FIG. 6 shows fluorescent image of cells labeled with probe 1 a.

FIG. 7 shows specificity of the Cu(I)-catalyzed cycloaddition for azidofucose.

FIG. 8 shows imaging intracellular fucosylation by double staining with the probe 1 a and WGA lectin.

FIG. 9 shows screening of L-amino acids as ligands.

FIG. 10 shows effect of L-His:copper stoichiometry on the reaction.

FIG. 11 shows time-course study of histidine-catalyzed reaction at pH 7.2 (50 mM Hepes):

FIG. 12 shows decomposition of compound 1 b.

FIG. 13 shows LC-MS analysis of decomposition of 1 b.

DETAILED DESCRIPTION

As used herein, the term “alkynyl group” or “alkyne functional group” means an alkyne functional group (also called acetylene functional group), which is a hydrocarbon comprised of a triple bond between two carbon atoms.

As used herein, the term “alkynyl-derivatized sugar” means a synthetic sugar analog, in pro-molecular, metabolic precursor, and/or downstream metabolite form, substituted with an alkynyl group.

As used herein, the term “alkynyl-tagged”, means a glycoconjugate incorporating an alkynyl-derivatized sugar.

As used herein, the terms “alkynyl fucose,” “alkynyl Fuc” and “Fucyne” are used interchangeably.

As used herein, the term “alkynyl N-acetylmannosamine,” “alkynyl ManNAc” and “ManNAcyne” are used interchangeably.

As used herein, the term “alkynyl sialic acid,” “alkynyl NeuAc” and “NeuAcyne” are used interchangeably.

Amino acid residues in peptides shall hereinafter be abbreviated as follows: Phenylalanine is Phe or F; Leucine is Leu or L; Isoleucine is IIe or I; Methionine is Met or M; Valine is Val or V; Serine is Ser or S; Proline is Pro or P; Threonine is Thr or T; Alanine is Ala or A; Tyrosine is Tyr or Y; Histidine is His or H; Glutamine is Gln or Q; Asparagine is Asn or N; Lysine is Lys or K; Aspartic Acid is Asp or D; Glutamic Acid is Glu or E; Cysteine is Cys or C; Tryptophan is Trp or W; Arginine is Arg or R; and Glycine is Gly or G. For further description of amino acids, please refer to Proteins: Structure and Molecular Properties by Creighton, T. E., W.H. Freeman & Co., New York 1983.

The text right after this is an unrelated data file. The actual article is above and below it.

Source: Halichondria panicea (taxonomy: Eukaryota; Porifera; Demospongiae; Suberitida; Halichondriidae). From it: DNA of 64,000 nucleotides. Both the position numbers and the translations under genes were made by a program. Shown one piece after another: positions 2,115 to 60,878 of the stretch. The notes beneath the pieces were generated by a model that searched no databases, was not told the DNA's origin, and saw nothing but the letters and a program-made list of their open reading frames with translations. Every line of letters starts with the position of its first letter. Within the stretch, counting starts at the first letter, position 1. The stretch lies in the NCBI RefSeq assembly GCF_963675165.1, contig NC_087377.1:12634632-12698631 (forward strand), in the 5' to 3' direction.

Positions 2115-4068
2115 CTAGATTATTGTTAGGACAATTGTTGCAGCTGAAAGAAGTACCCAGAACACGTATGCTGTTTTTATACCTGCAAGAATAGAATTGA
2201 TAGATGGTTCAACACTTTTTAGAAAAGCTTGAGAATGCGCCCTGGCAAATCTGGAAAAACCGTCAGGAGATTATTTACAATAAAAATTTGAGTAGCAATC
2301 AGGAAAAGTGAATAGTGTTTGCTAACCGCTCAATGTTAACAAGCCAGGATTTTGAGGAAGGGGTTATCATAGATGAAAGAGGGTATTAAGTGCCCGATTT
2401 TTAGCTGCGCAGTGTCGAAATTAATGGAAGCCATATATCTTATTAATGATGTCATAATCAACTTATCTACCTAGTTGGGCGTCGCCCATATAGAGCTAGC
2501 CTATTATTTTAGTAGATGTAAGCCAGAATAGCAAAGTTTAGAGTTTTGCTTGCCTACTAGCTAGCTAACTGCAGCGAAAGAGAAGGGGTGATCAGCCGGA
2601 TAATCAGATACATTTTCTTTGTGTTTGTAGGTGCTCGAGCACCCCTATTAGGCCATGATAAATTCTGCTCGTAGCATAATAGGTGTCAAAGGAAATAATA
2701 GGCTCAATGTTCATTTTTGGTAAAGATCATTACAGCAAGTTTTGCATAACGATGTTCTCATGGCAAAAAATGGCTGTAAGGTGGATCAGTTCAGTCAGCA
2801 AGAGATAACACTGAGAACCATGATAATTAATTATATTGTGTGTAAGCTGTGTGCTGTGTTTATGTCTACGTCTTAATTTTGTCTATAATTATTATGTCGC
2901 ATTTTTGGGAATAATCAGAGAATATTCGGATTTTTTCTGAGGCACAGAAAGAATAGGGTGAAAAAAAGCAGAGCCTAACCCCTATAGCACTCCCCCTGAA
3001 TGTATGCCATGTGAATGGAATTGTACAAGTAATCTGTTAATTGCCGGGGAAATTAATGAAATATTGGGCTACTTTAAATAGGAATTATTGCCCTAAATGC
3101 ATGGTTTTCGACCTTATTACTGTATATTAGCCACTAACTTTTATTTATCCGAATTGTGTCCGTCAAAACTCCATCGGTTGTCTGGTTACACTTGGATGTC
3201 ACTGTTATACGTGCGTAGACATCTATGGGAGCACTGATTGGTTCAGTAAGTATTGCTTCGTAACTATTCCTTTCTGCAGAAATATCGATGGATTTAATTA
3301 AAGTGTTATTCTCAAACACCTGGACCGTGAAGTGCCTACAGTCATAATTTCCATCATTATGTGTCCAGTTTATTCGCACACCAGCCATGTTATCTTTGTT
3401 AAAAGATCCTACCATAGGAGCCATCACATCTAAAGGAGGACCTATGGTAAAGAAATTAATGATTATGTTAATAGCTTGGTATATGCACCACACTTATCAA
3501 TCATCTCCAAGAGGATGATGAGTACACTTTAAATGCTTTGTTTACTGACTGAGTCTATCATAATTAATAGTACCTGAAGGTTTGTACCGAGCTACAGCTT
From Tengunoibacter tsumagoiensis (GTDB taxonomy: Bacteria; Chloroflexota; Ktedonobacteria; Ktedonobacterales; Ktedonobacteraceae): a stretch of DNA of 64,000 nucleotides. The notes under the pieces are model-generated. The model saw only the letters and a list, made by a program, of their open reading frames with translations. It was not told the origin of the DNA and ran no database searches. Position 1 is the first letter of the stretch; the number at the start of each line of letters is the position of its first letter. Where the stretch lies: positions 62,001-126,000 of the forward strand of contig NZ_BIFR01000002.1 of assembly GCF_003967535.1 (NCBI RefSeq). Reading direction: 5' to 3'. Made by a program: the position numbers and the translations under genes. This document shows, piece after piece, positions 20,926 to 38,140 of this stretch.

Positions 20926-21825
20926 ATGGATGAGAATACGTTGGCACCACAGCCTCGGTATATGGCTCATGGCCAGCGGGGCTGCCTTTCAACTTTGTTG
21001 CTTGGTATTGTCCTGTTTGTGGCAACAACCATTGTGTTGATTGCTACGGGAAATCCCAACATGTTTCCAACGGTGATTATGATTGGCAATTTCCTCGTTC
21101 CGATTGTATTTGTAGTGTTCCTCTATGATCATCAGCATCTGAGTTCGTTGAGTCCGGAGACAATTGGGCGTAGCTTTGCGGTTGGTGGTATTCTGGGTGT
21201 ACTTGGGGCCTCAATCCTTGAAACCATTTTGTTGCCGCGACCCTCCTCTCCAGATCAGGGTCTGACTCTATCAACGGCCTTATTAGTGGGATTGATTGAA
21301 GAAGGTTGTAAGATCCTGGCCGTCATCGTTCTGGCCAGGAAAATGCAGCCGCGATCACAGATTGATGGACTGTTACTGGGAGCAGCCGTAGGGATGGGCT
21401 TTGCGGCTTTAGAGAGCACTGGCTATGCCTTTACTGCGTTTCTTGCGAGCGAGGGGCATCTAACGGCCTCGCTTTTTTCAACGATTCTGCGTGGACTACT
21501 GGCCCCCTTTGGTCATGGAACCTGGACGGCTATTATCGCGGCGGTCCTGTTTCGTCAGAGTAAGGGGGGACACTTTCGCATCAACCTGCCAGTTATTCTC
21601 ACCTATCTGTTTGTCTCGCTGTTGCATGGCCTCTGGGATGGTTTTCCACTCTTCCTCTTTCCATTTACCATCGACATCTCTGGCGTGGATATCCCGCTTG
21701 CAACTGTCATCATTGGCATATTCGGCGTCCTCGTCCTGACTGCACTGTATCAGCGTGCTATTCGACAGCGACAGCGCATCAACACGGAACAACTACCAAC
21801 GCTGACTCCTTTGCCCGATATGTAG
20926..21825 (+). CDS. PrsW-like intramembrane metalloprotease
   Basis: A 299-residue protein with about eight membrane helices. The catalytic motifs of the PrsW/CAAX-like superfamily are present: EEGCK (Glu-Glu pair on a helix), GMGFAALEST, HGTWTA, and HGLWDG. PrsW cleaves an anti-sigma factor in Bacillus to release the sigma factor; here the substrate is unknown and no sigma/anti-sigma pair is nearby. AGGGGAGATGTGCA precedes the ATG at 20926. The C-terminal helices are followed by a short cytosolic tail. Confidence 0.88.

As used herein, the term “Bioorthogonal” means chemical reactants and reactions that are compatible with living systems. Bioorthogonal reactions proceed in high yield under physiological conditions and result in covalent bonds between reactants that are otherwise stable in these settings.

As used herein, the term “Bioorthoganal Chemical Reporting Group” means a non-native, non-perturbing, inert chemical functional group, which can be modified in biological systems by chemo-selective reactions with exogenously delivered probes.

As used herein, the term “cellular glycan” or “cell glycan” refers to a glycan (either alone or as part of a glycoconjugate) that may be at the cell surface, intracellular, or within a cell lysate.

As used herein, the term “Chemoselective” means the preferential reaction of a chemical reagent with only one out of two or more different available functional groups.

As used herein, the term “Coumarin” means any of a group of fluorogenic compounds related to benzopyrone or 2-chromenone that are capable of fluorescence modulation dependent on position of substitution and identity of functional groups.

As used herein, the term “Click-Activated” means any reaction that bioorthogonally proceeds in a manner that changes the chemical and/or physical properties of the resultant molecule.